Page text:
Here’s the correct way to solve this equation. First get everything on one side then
factor!
From this we can see that either
In the second case we get the we got in the first attempt, but from the
first case we also get that we didn’t get in the first
attempt. Clearly will work in the equation and so is a
solution!

We missed the in the first attempt because we tried to make
our life easier by “simplifying” the equation before solving. While some simplification is a good and
necessary thing, you should NEVER divide out a term as we did in the first
attempt when solving. If you do this you
WILL loose solutions.
Proper Use of Square Root
There seems to be a very large misconception about the use
of square roots out there. Students seem
to be under the misconception that
This is not correct however.
Square roots are ALWAYS positive or zero! So the correct value is
This is the ONLY value of the square root! If we want the 4 then we do the following
Notice that I used parenthesis only to make the point on
just how the minus sign was appearing!
In general the middle two steps are omitted. So, if we want the negative value we have to
actually put in the minus sign!
I suppose that this misconception arises because they are
also asked to solve things like . Clearly the answer to this is and often they will solve by “taking the
square root” of both sides. There is a
missing step however. Here is the proper
solution technique for this problem.
Note that the shows up in the second step before we actually
find the value of the square root! It
doesn’t show up as part of taking the square root.
I feel that I need to point out that many instructors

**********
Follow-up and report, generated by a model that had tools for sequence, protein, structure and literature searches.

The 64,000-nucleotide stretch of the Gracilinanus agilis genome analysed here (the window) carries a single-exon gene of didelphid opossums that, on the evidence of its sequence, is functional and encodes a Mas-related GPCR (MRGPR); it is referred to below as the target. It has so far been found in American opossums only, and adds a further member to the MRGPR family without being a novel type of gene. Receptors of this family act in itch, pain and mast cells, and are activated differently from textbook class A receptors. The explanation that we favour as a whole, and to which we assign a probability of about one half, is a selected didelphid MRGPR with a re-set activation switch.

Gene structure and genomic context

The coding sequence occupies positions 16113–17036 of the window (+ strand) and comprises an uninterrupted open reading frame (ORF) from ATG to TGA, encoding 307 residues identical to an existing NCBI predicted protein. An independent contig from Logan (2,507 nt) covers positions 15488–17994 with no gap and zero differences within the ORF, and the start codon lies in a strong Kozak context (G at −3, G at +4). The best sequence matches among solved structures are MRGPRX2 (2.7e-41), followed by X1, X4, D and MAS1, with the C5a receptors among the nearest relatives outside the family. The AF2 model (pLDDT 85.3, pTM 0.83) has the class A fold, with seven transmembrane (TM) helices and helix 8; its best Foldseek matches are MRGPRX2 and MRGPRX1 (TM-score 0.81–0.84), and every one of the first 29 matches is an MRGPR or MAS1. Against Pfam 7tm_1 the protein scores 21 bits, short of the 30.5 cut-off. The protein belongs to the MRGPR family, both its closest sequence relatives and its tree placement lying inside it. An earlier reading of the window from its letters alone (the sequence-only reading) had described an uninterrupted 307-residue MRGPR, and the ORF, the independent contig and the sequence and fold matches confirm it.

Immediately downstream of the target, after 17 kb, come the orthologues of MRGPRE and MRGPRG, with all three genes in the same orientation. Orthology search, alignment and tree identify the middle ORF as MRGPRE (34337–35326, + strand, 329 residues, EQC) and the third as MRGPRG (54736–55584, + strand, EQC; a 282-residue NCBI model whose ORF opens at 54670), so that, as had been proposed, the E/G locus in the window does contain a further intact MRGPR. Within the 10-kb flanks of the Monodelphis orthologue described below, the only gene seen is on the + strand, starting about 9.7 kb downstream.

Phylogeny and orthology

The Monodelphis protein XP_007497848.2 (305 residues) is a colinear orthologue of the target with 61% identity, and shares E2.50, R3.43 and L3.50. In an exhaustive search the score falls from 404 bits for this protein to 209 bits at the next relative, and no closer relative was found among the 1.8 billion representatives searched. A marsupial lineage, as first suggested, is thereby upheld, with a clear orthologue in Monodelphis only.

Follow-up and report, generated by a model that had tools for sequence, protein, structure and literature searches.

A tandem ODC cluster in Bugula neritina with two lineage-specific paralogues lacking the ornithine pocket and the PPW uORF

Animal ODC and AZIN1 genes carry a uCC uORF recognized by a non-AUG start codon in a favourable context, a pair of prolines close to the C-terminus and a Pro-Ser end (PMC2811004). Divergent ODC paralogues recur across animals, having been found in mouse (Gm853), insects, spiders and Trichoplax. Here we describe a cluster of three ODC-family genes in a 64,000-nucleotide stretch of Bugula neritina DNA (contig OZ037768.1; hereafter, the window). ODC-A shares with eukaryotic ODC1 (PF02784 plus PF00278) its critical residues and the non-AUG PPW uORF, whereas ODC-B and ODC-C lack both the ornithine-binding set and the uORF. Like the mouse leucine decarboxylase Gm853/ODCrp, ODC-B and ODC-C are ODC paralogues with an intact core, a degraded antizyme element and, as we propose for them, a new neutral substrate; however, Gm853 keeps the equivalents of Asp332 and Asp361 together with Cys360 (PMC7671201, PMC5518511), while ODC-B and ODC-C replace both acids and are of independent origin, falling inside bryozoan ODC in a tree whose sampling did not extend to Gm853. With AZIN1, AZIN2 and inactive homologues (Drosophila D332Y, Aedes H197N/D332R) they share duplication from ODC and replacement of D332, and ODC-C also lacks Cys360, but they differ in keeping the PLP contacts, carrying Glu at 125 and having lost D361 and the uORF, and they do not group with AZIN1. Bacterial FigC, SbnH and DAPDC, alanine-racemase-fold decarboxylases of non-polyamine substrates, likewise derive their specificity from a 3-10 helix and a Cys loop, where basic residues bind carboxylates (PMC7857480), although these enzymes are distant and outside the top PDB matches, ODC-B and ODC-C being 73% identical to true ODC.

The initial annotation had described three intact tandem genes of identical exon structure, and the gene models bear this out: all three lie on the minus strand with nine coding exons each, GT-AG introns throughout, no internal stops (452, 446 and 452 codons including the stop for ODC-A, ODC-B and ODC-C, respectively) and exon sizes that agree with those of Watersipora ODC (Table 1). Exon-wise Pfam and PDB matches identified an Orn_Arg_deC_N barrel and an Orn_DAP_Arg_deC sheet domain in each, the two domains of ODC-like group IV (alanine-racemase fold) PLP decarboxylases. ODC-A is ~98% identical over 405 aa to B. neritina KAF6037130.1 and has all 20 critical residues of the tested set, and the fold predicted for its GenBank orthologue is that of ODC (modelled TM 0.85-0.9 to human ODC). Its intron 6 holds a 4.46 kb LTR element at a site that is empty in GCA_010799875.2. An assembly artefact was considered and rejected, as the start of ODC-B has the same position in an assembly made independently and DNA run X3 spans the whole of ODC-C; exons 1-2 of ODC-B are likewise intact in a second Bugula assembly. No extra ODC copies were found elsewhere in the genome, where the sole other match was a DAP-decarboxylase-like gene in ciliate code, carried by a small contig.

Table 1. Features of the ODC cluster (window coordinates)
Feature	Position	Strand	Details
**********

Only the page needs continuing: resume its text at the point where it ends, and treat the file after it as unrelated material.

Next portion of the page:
(including myself on occasion) don’t help matters in that they will often omit
the second step and by doing so seem to imply that the is showing up because of the square root.
So remember that square roots ALWAYS return a positive
answer or zero. If you want a negative you’ll
need to put it in a minus sign BEFORE you take the square root.
Ambiguous Fractions
This is more a notational issue than an algebra issue. I decided to put it here because too many
students come out of algebra classes without understanding this point. There are really three kinds of “bad”
notation that people often use with fractions that can lead to errors in work.
The first is using a “/” to denote a fraction, for instance
2/3. In this case there really isn’t a
problem with using a “/”, but what about 2/3x? This can be either of the two following
fractions.
It is not clear from 2/3x
which of these two it should be! You, as
the student, may know which one of the two that you intended it to be, but a
grader won’t. Also, while you may know
which of the two you intended it to be when you wrote it down, will you still
know which of the two it is when you go back to look at the problem when you
study?
You should only use a “/” for fractions when it will be
clear and obvious to everyone, not just you, how the fraction should be
interpreted.
The next notational problem I see fairly regularly is people
writing . It is not clear from this if the x belongs in the denominator or the
fraction or not. Students often write
fractions like this and usually they mean that the x shouldn’t be in the denominator.
The problem is on a quick glance it often looks like it should be in the
denominator and the student just didn’t draw the fraction bar over far enough.
If you intend for the x
to be in the denominator then write it as such that way, ,
i.e. make sure that you draw the
fraction bar over the WHOLE denominator.
If you don’t intend for it to be in the denominator then don’t leave any
doubt! Write it as .
The final notational problem that I see comes back to using
a “/” to denote a fraction, but is really a parenthesis problem. This involves fractions like
Often students who use “/” to denote fractions will write
this is fraction as
These students know that they are writing down the original
fraction. However, almost anyone else
will see the following
This is definitely NOT the original fraction. So, if you MUST use “/” to denote fractions
use parenthesis to make it clear what is the numerator and what is the
denominator. So, you should write it as